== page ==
With the Chinese Communist party about to anoint Xi Jinping as its new secretary general, there is plenty of speculation about the implications of its political and economic changes for the rest of the world, but little about its capacity to inspire management innovation.
China is overdue a modern management guru (Sun Tzu, born around the sixth century BC, doesn’t count).
Walter Kiechel has written an excellent potted history of “The Management Century” in the latest Harvard Business Review, starting in the late 19th and early 20th century with an “age of scientific management” (led by Frederick Winslow Taylor), moving through a more sophisticated era of growing self-confidence from the 1940s to the 1980s (dominated by the insights of Peter Drucker, whose life and work is celebrated this week at the Global Drucker Forum in Vienna) and on to the modern era of specialisation and globalisation. But, as Kiechel writes, “most of our story so far takes place in the United States”:
Where are the voices of indigenous Indian, Chinese, and African business leaders who have original ideas, rooted in their cultures, to add new perspectives to the worldwide conversation about management?
Some authors have tried to take a different viewpoint. Ikujiro Nonaka and Zhichang Zhu, respectively Japanese and Chinese, have written Pragmatic Strategy: Eastern Wisdom, Global Success, which cites Deng Xiaoping’s economic reforms as one example of how “Confucian pragmatism” could be a successful alternative to western strategies. Their book is dense and philosophical. But at least they attempt to find some broadly applicable lessons from outside the US-centric mainstream.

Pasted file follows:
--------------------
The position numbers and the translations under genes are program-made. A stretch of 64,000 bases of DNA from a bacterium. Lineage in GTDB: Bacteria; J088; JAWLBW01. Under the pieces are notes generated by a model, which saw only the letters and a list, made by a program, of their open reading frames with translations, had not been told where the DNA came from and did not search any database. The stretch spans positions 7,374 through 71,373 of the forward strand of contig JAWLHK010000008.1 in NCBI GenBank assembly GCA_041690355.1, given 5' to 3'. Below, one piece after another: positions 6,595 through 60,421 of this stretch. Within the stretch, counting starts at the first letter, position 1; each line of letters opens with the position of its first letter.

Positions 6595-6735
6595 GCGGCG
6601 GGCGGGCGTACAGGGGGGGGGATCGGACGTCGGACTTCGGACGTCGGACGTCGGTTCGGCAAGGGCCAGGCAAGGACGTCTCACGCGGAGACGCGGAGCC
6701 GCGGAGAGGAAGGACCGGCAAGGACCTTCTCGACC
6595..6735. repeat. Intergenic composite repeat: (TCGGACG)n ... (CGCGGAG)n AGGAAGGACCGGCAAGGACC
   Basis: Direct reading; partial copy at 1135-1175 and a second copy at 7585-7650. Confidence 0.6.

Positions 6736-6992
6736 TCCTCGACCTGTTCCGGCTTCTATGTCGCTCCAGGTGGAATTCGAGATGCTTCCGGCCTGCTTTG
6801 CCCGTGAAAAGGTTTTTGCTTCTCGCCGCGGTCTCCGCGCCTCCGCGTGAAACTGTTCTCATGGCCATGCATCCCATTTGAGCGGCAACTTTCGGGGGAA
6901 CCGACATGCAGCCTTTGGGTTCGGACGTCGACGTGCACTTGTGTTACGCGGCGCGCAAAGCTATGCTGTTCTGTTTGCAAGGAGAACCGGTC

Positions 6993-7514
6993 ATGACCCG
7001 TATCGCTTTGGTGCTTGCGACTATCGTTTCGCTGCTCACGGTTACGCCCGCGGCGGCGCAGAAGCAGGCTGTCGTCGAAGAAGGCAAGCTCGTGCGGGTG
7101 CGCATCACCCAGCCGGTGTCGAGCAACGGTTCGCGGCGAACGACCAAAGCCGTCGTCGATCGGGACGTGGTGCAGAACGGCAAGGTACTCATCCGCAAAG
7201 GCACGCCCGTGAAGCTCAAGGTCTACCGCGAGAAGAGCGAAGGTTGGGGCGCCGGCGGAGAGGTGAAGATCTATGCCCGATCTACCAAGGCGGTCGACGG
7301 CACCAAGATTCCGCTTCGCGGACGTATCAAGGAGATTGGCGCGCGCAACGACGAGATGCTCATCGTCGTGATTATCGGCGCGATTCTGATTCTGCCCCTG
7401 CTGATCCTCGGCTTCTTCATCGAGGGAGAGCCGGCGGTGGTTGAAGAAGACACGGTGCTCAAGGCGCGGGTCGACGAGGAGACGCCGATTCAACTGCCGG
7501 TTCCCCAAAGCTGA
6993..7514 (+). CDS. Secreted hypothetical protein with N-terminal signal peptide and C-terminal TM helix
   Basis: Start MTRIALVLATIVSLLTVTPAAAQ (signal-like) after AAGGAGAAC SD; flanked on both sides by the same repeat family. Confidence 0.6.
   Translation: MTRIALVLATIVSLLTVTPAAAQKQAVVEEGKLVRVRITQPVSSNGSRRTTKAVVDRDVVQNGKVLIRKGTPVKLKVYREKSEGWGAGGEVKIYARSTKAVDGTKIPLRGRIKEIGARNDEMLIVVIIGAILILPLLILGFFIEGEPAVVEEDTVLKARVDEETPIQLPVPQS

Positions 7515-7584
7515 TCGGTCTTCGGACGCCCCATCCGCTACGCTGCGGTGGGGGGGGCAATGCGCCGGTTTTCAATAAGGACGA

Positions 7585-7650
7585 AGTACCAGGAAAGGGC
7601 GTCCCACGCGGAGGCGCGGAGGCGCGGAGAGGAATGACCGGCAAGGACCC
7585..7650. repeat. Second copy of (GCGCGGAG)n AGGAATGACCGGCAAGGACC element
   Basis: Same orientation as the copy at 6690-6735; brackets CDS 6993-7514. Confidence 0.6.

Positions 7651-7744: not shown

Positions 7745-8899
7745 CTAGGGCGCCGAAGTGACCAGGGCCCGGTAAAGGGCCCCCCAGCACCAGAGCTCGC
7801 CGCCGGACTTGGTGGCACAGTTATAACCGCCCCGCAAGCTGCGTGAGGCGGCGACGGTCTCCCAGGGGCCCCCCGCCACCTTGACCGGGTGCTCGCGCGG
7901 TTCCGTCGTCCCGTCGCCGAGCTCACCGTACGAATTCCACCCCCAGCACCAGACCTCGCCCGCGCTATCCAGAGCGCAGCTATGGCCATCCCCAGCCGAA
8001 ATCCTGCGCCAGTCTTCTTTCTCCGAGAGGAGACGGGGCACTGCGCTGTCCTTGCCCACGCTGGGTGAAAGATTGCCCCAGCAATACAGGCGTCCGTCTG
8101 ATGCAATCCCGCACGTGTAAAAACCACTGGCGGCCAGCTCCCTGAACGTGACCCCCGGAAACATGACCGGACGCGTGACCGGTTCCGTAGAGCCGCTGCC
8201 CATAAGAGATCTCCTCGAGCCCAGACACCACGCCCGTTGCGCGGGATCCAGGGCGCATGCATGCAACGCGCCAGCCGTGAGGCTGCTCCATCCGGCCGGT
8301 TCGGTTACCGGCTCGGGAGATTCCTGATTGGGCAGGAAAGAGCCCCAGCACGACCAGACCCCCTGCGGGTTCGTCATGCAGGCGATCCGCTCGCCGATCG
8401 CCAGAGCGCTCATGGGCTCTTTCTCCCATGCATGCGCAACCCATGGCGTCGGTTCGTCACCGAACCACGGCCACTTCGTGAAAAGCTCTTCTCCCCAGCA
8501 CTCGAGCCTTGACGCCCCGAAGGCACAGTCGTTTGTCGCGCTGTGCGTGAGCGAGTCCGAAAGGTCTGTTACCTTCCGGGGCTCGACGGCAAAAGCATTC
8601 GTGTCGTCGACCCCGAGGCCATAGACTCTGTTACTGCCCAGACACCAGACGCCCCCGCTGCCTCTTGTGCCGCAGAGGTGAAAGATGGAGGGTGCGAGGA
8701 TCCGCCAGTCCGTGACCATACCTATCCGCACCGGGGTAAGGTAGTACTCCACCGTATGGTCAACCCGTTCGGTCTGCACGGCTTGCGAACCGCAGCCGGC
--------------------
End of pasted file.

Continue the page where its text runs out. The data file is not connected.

Many outsiders, on the other hand, argue that Chinese managers have been raised in such an idiosyncratic national system that they can teach little to western counterparts brought up on democratic shareholder capitalism. Even writers who have actively sought out working alternatives – like Christopher Meyer and Julia Kirby, authors of Standing on the Sun – say they “have not seen China developing mixed-value business models that will invade the global capitalist ecology”.
But my colleague Leslie Hook writes that the so-called “sixth generation” of Chinese party leaders that will follow Mr Xi in 2022 is already more diverse and more cosmopolitan than the one now taking power, including lawyers and captains of industry. The global, competitive pressure on Chinese managers to develop new ideas is arguably even greater. It would be astonishing if in the next two or three decades, China did not generate at least one worthy successor to Taylor, Drucker and the rest.